When I am torn between a 4 and a 5 I read all the other reviews. I rate this book a five because it advances appreciation for the integration of psychology with history, and contributes somewhat--not the last word--to the rather vital discussion of why so many of our "leaders" are pedestrian, and what marks those who rise to extraordinary heights in the face of complex near catastrophic challenges.

Those critical of the book for the relatively brevity of the biographic sections, and the occasional mistakes, are in my view missing the huge point that really matters: in a time of extreme complexity and ambiguity, leaders with the most open of minds capable of very unconventional thinking are vital, and it just so happens that what what some call lunatic fringe or borderline personality have "the right stuff" for such times.

I have five pages of notes on this book. Below are some highlights and a few quotes.

The author refers to an inverse law of sanity and early on quotes Sherman as saying "In these times it is hard to say who are sane and who are insane." That is precisely how I feel as I watch Wall Street, Big Oil, the Military-Industrial Complex, and a two-party tyranny with a lame President pretending they have not already driven the Republic over the cliff.

The author's core argument is that in times of crisis, mentally ill leaders do better. While he exaggerates for effect, his essential argument is that "the establishment" produces sterile "well-adjusted" leaders who are best at following convention and staying within their "lanes in the road.
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78 of 104 people found the following review helpful By M. S. Driver on August 17, 2011
Format: Hardcover Verified Purchase
The title will certainly attract readers. This doctor's main thesis really should be at least considered as a pretty good explanation of the actions and behaviors (or lack of same) of some of our leaders, especially under duress. However, we probably should not find ourselves electing only "mentally ill" candidates just so that there will be highly creative and resilient people in the saddle in case a crisis occurs.

From the title alone, the reader may immediately infer that this book is all about the genius of schizophrenic presidents. That's not what the author wants to tell us. Dr. Ghaemi seems to have only one way to define "mental illness": "manic-depression" (or "bipolar disorder", as it's called today). He doesn't really come out at the start and state that it's only bipolar disorder that he will be discussing with regard to certain leaders. But schizophrenia and paranoia do not seem to fit into his analysis. He even states that neurosis is a normal part of the human personality, which came as a surprise to me.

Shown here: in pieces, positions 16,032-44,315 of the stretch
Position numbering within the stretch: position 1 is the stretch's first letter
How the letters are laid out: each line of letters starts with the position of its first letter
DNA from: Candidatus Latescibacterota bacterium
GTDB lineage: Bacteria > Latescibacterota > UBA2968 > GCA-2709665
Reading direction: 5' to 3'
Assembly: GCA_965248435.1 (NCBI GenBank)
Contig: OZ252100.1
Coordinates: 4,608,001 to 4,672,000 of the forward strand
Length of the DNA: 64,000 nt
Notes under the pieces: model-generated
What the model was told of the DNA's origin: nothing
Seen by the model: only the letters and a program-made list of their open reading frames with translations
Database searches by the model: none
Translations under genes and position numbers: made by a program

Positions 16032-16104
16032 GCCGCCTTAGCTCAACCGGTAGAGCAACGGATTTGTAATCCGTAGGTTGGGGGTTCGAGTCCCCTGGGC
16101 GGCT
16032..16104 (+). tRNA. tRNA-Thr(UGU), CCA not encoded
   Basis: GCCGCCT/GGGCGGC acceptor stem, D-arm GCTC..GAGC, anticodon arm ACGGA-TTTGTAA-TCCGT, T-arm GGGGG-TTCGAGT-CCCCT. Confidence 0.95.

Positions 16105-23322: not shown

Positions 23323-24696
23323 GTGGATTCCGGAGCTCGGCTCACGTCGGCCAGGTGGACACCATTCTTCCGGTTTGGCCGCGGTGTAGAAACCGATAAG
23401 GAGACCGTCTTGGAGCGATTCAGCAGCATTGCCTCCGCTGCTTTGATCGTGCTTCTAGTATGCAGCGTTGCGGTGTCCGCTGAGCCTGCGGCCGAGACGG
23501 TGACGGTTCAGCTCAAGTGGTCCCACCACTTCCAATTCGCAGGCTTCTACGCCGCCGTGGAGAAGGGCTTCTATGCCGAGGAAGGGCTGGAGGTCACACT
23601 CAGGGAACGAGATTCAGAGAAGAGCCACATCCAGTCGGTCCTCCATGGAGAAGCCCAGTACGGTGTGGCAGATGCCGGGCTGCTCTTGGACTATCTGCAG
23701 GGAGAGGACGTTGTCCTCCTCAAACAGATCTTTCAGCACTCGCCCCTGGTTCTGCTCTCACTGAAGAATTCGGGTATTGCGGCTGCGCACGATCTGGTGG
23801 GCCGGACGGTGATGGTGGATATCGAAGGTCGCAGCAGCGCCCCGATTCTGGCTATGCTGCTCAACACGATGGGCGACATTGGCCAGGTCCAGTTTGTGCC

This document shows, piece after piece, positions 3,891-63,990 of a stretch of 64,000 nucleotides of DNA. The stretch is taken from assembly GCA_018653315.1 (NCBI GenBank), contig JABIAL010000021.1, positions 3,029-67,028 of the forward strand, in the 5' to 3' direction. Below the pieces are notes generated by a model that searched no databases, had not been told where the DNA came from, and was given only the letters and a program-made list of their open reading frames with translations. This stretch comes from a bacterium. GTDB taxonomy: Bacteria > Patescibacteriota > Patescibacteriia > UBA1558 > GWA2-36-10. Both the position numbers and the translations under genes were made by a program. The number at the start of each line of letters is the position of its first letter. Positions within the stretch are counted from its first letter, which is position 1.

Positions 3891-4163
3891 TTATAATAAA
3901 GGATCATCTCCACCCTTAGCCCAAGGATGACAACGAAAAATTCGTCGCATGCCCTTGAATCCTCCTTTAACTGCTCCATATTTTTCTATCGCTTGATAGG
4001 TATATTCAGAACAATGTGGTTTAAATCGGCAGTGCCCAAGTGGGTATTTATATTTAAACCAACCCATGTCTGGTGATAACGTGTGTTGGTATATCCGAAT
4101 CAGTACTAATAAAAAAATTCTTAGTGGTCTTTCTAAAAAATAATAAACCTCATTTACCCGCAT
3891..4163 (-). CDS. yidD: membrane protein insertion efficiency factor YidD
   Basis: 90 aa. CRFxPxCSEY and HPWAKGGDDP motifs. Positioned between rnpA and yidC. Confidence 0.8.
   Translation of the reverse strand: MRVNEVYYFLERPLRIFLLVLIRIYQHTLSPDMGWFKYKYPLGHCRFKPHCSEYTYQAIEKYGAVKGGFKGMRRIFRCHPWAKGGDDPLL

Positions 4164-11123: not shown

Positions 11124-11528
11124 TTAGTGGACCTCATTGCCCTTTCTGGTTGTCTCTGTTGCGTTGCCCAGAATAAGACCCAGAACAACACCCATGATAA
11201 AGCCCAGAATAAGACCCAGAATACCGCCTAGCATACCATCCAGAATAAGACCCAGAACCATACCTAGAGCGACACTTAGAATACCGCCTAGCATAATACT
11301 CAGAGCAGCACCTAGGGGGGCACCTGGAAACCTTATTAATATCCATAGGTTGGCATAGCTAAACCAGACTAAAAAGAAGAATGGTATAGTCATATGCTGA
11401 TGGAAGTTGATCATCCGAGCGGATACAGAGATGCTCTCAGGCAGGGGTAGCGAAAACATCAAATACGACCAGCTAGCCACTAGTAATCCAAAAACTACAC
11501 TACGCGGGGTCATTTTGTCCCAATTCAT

I was ultimately satisfied by Dr. Ghaemi's arguments on the behaviors of the so-called "mentally ill" leaders he singles out as examples. The chapters on JFK and on Hitler and his Nazi entourage are real eye-openers.

But I was shocked by the doctor's arguments regarding Nixon, and by his dismissal of the extensive media and historical commentary, as well as the observations of millions of contemporary TV viewers, about this president's clearly visible mental state. He didn't sell me on this one.

As to the leaders whom Dr. Ghaemi does not select for his category of "mentally ill" -- among them Tony Blair, Truman and Eisenhower -- I agree with his assessment of the first man, but absolutely not the second or third.
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"...occasional mistakes..." alienate THIS reader
""Those critical of the book for...the occasional mistakes, are in my view missing the huge point that really matters..."
The huge point that really matters is: how many mistakes were made elsewhere (in the thought process, in the selection of leaders to analyze, in the analysis... Read More
Mar 4, 2014 by now what |  See all 2 posts